Italy beats England (pictures)

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Balotelli scores the winner

For England, this was a peculiar kind of World Cup defeat.

They played well, but lost. Went for it, but lost. Had the best chance, but lost.

England were beaten by Italy not because Roy Hodgson was too cautious or our forwards less skilled. Raheem Sterling started and was excellent. Salvatore Sirigu, Italy’s goalkeeper, was among their best players.

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The flaw, and it may prove an insurmountable one, is in defence. It wasn’t good enough.Gary Cahill is a better player with John Terry beside him – nothing against Phil Jagielka, by the way, who was the pick of the back four – and Terry isn’t here.

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Italy’s winner was soft. Antonio Candreva of Lazio got down the right and beat Leighton Baines too comfortably. His cross was a beauty but Mario Balotelli got the better of Cahill and Glen Johnson was nowhere at the back post. His header had the assurance of a training ground exercise. Maybe it was; but such routine stuff should not win a World Cup tie of this magnitude.

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Marchisio hits one

It was an outstanding game. Italy only reverting to cautious type once they had their noses ahead and the minutes were slipping by. Every substitution England made was positive but to no avail. Conditions in Manaus had sucked the life from the game. The next two matches must now be won, and there is much to suggest they could be. After the result in the other group game, England will be expecting to face Luis Suarez in Sao Paulo. It will get no easier from here.

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Marchisio on target

Joe Hart got lucky. At the last World Cup, Rob Green let the ball slip through his fingers against the United States and his international career never recovered. Hart is on surer ground, immune to the effects of one fateful slip, but even so it would have been a big one had Candreva’s shot rebounded the wrong way, when he failed to gather it cleanly after 20 minutes.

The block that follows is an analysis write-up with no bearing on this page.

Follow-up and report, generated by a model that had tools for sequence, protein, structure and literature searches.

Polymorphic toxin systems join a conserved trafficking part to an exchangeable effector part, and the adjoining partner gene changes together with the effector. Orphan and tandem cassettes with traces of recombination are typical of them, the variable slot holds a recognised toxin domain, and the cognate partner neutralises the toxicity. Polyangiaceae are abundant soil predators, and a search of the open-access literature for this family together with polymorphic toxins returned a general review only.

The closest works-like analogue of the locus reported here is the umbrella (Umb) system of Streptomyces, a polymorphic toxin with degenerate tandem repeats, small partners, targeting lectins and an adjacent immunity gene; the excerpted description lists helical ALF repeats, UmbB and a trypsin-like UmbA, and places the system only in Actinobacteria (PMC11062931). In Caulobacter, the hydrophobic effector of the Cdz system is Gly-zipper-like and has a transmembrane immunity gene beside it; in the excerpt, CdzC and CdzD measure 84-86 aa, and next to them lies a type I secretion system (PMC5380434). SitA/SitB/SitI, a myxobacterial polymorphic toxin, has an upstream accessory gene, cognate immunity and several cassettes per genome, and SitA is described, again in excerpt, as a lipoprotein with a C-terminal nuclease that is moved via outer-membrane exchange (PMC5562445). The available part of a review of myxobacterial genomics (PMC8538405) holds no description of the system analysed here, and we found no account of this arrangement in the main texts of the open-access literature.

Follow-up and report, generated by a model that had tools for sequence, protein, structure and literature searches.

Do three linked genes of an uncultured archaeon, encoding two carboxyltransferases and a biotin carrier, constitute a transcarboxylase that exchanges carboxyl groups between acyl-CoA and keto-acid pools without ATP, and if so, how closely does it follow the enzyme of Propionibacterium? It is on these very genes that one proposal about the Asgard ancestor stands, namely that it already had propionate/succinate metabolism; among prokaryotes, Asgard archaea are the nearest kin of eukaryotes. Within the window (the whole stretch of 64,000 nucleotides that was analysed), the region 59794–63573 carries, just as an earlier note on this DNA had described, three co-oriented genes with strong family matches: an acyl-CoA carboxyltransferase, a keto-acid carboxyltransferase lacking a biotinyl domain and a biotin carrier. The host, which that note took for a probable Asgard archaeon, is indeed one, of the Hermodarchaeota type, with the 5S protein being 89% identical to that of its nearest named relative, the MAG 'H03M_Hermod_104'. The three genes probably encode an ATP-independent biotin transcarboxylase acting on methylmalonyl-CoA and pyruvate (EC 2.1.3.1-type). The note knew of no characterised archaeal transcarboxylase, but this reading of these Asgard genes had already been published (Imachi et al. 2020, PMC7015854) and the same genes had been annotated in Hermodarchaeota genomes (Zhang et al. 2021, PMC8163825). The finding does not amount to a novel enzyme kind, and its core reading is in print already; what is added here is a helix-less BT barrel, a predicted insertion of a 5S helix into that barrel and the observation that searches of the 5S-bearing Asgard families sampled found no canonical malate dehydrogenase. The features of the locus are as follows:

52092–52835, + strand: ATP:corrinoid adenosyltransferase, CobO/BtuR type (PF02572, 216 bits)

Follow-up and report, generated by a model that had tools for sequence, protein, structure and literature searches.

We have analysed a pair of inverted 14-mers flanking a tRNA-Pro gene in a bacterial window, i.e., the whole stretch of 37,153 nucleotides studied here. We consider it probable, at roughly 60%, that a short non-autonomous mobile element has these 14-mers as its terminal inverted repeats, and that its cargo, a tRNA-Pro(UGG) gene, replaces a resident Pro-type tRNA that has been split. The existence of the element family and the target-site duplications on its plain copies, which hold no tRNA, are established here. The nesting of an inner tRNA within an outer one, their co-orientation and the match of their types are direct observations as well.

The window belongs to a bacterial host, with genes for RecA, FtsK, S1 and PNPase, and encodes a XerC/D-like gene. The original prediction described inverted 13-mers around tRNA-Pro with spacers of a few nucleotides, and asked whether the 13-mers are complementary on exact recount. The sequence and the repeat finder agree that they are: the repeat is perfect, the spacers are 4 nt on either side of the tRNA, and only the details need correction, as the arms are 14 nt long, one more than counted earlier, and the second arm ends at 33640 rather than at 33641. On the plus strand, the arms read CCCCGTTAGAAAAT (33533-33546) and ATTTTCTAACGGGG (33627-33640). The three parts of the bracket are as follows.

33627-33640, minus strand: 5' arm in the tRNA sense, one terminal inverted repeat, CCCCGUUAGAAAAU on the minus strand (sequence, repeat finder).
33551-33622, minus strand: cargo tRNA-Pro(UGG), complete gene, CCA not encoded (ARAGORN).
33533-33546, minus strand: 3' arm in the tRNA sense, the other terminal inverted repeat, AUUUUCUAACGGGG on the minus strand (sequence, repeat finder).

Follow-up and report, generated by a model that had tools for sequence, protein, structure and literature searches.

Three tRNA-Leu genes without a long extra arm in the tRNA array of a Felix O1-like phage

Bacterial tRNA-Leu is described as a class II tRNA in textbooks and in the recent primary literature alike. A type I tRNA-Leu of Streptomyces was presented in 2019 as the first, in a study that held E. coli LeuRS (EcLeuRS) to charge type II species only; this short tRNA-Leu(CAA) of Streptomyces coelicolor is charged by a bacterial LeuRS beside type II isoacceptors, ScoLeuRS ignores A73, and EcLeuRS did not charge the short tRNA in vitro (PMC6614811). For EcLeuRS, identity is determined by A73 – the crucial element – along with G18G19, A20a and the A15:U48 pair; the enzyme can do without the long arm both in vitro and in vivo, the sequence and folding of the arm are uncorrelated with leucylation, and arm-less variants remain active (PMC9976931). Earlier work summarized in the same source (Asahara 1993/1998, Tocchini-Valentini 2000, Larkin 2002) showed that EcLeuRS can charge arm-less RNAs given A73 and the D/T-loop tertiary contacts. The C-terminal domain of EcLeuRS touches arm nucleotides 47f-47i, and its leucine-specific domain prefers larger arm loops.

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Italian team celebrates marchisio goal

Fortunately, the ball ricocheted outwards and with no Italian forward on hand to capitalise, England breathed again. It would have been a travesty had it gone in at that moment, though – the first quarter of this match for England was as promising a start to a World Cup game as many can remember. 

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Perfect finish from a perfect cross

Having been decried for negativity in the past, this was Hodgson making good on a promise to be bold, the selection of Raheem Sterling ahead of Adam Lallana confounding expectations and, almost, the Italian defence after just four minutes.

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Sturridge scores

It was Sterling who signalled England positive intent with a great run through the middle and a shot that flew just wide into the side-netting. It was one of those optical illusion hits, half the stadium on its feet thinking the ball was in. Sadly, no. But it was one hell of a way to announce a World Cup career.

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Sturridge celebrates with team mate

A minute later Jordan Henderson forced another excellent save from Italy’s stand in goalkeeper Sirigu – Gianluigi Buffon being the first victim of the substandard Manaus pitch, claimed in training the previous night – and it was plain there was going to be no repeat of the dour stalemate between these teams in Kiev two years ago.